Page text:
Fattahian, a 27-year-old Kurd from Kermanshah, was arrested on 20 July 2008 in the city of Kamyaran.  Originally he was sentenced to ten years of ‘prison in exile’ by a court in that same city.  Fattahian appealed the sentence, but so did the Kamyaran Revolutionary and General Courts prosecutor.  The prosecutor cited amendment 3 of article 22 of the Revolutionary and General Courts code as well as articles 186, 190, and 191 of the Islamic penal code and demanded the death sentence for Fattahian.  The prosecutor won the appeal, Branch 4 of the Kordestan Appeals Court overturned the initial verdict, and Fattahian’s sentence was changed to death.

This morning chief justice of the Kordestan province, Ali Akbar Gharoussi, said that the death sentence had been carried out (between 6.30am and 7.00am local time) and that Fattahian was ‘found guilty of armed action against national security’ and admitting to being a member of Komeleh.

Ehsan had admitted to being a part of Komeleh, a Kurdish political opposition group fighting to eliminate the national oppression of Kurds in Iran. Fattahian’s lawyer said, however, that no proof was presented in court that Ehsan Fattahian had engaged in any armed operations whatsoever as part of that group.

When asked by Al Arabiya about why he thinks Ehasan was hanged, Komeleh group leader Abdullah Moh’tadi said: ‘the Iranian regime is trying to intimidate ethnic minorities from joining the Green Wave. One of the methods to deter people is stricter sentencing in ethnic provinces such as Kordestan, Baluchistan and Ahwaz.’  The ‘Green Wave’ refers to the movement started in Iran for democracy during the last presidential election.

During Ehsan’s long detention he was routinely beaten and brutally tortured.  During that time he refused to confess to the iran_sanandajallegations against him that he carried arms or that he participated in an armed struggle.  Intelligence Ministry interrogators had wanted to get a taped confession and have him show remorse for his actions.  Ehsan called them ‘illegitimate demands.’

Growing up, as Ehsan’s thoughts were developing about who he was, he came to see and feel the injustices and discrimination against the Kurds in Iran.  He ‘went in a thousand different directions’ to discover the reasons behind the injustice.  One of those directions led him to Komeleh, which he said he joined to find his ‘stolen identity.’

There are more than 10 million ‘stolen identities’ in Iran and those Kurds make up approximately 15 percent of Iran’s population.  Expression of Kurdish culture is somewhat tolerated and the Kurdish language is used in some broadcasts and publications.  However, political activity based on Kurdish identity is banned and linked to separatism.  Kurds, as a result, are disproportionately targeted using security legislation such as the capital offence of moharebeh.  Punishments (article 191) are often entirely at the discretion of the presiding judge.

There are at least twelve Kurdish political prisoners in Iran now facing the death penalty.  Many, many more are imprisoned for their beliefs and activities.

sources:

Iran: Halt Execution of Kurdish Activist.  Human Rights Watch, 10 November 2009.

Ehsan Fattahian was Hanged this Morning in Iran. MidEast Youth, 11 November 2009

Iran executes Kurdish Political Prisoner Ehsan Fattahian. Kurdish Alliance for Human Rights, 11 November 2009.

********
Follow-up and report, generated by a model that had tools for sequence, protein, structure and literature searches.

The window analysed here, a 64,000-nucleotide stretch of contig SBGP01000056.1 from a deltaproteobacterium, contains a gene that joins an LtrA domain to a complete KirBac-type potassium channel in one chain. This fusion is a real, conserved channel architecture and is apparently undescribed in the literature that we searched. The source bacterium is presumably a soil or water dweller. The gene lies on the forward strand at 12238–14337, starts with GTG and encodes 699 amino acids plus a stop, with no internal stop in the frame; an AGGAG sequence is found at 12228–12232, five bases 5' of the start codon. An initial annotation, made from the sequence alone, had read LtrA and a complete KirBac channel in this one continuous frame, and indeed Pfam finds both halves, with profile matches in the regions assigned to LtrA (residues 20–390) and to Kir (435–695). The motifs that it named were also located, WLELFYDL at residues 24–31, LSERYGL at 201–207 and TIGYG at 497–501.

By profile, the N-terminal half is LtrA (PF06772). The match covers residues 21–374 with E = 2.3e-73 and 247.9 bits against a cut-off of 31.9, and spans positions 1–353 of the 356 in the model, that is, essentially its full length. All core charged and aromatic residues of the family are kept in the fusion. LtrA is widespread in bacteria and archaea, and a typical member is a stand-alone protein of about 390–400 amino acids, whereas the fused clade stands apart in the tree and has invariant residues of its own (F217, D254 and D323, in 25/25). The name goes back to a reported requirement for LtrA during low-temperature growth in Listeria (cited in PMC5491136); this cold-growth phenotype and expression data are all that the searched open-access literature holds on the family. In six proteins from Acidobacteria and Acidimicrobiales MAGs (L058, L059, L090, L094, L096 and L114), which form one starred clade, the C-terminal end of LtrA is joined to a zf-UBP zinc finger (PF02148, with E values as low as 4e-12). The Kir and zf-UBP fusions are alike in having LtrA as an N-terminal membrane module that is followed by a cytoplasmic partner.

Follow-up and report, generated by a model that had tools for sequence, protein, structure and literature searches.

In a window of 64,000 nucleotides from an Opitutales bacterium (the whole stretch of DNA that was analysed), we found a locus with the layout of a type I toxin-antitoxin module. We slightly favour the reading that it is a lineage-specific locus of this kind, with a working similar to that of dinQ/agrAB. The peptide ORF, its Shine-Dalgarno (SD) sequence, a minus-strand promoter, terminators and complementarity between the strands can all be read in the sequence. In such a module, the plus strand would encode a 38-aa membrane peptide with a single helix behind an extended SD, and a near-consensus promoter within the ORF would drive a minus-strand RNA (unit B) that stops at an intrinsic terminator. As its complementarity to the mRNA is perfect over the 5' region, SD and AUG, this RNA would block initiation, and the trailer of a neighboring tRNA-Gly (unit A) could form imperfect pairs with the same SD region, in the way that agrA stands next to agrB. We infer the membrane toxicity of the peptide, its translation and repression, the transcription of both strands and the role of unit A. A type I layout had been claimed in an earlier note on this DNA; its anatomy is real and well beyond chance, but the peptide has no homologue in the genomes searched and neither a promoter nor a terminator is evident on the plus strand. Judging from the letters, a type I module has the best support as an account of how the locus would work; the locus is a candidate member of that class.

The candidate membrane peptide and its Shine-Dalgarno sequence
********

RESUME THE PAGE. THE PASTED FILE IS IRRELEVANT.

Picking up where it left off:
Iran Executes Kurdish Man. Amnesty International, 11 November 2009.

Ehsan Fattahian was executed today morning by the Islamic Republic… Revolutionary Road Blog, 11 November 2009.

Iran authorities hang young Kurdish activist. Al Arabiya, 11 November 2009.

For more information on Kurds in Iran, read:

–The Kurds in Iran: Past, Present and Future. Tanyel B. Taysi and Kerim Yildiz (Pluto Press, 2007).

–KHRP’s Briefing Paper ‘Human Rights and the Kurds in Iran’ from 26 August 2009.  Download here (.pdf, 207kb)

Iran: End Repression in Kurdish Areas

From Human Rights Watch…

(New York, January 9, 2009) – The government of Iran should amend or abolish broadly worded national security laws used to stifle peaceful dissent in the country’s Kurdish areas and end arbitrary arrests of Kurdish critics and dissidents, Human Rights Watch said in a report released today.iran_0109_web

The 42-page report, “Iran: Freedom of Expression and Association in the Kurdish Regions,” documents how Iranian authorities use security laws, press laws, and other legislation to arrest and prosecute Iranian Kurds solely for trying to exercise their right to freedom of expression and association. The use of these laws to suppress basic rights, while not new, has greatly intensified since President Mahmoud Ahmadinejad came to power in August 2005.

“Iranian authorities show little tolerance of political dissent anywhere in the country, but they are particularly hostile to dissent in minority areas where there has been any history of separatist activities,” said Joe Stork, deputy director of Human Rights Watch’s Middle East and North Africa Division.

Kurds account for 4.5 million of the 69 million people in Iran, and live mainly in the country’s northwest regions. Political movements there have frequently campaigned for greater regional autonomy. The main Iranian Kurdish parties with a long history of activism deny that they engage in armed activity and the government has not accused these groups of any such activity since the early 1990s.

“No one would contest a government’s right to suppress violence,” Stork said. “But this is not the case here. What is going on in the Kurdish areas of Iran is the routine suppression of legitimate peaceful opposition.”